The students and Piedmont Professor of Forensic Science and Criminal Justice Bruce Willis (left), who has decades of criminal justice experience and deep ties to law enforcement agencies in Georgia and beyond, worked alongside investigators to examine all the evidence gathered in the case, including witness statements.
They combed through the autopsy report, and using technology unavailable in 2005, created a map similar to a spider web to illustrate the connections of geo-mapping details from text messages and phone records. The case file went from slim to plump with possibilities.
Now the students and Willis believe they know who murdered the victim. Willis said the three are “chomping at the bit” for an arrest to be made. He has promised to text them as soon as he knows.
All three students conducted independent research on medicolegal death investigations while at Piedmont and are pursuing master’s degrees. Kramer will attend the University of Memphis and plans to become a forensic anthropologist. At Piedmont, she researched the effects of diabetes and hypertension in post-mortem changes.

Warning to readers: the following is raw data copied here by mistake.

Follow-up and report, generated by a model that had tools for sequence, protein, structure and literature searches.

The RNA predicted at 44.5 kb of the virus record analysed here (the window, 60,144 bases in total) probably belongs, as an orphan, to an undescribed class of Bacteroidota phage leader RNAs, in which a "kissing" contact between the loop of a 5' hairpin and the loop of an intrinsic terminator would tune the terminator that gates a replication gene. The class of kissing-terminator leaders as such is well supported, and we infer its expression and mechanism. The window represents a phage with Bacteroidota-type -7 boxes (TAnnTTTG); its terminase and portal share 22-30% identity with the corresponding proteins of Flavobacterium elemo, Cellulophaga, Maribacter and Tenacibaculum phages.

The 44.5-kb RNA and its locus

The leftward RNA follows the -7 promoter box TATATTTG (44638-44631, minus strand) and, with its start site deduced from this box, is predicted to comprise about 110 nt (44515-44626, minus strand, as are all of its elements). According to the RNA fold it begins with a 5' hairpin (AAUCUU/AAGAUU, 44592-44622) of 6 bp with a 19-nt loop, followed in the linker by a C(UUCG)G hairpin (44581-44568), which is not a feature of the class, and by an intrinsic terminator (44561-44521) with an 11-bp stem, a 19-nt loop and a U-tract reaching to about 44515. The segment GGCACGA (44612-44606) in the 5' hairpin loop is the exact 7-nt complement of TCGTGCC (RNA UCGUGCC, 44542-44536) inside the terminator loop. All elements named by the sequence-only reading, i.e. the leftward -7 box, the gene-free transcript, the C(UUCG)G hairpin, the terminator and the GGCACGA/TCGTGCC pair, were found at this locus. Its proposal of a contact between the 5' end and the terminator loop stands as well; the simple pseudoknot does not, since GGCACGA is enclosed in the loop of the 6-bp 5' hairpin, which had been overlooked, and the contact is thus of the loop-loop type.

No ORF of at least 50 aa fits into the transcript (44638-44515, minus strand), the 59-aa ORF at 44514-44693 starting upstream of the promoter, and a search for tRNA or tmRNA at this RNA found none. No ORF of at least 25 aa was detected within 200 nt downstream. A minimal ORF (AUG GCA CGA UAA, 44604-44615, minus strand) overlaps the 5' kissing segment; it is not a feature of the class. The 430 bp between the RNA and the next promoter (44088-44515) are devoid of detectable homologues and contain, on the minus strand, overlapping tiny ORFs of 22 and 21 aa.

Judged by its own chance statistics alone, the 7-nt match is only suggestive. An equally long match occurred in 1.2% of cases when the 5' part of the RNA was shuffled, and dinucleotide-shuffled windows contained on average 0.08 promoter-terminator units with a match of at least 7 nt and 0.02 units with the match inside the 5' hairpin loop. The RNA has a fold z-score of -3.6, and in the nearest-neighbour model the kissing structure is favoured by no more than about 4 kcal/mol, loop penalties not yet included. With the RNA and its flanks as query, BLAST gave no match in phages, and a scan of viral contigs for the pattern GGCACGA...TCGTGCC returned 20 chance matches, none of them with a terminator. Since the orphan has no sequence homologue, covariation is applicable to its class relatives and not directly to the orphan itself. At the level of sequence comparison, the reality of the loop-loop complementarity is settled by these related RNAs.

Bolt is headed to Marshall University for its forensic science graduate program and plans to be a crime scene investigator. She examined the effects of moisture, sunlight, and shade on tissue in post-mortem intervals for her research.
Cappas’ ultimate goal is to work for the U.S. Army Crime Lab. She will continue her groundbreaking research on microbiology present on decedents at Pennsylvania State University, a school she chose because “it felt like Piedmont to me. I wouldn’t be just another number there.” Her groundbreaking work may lead to a field test kit that could determine the time of death faster than is now possible.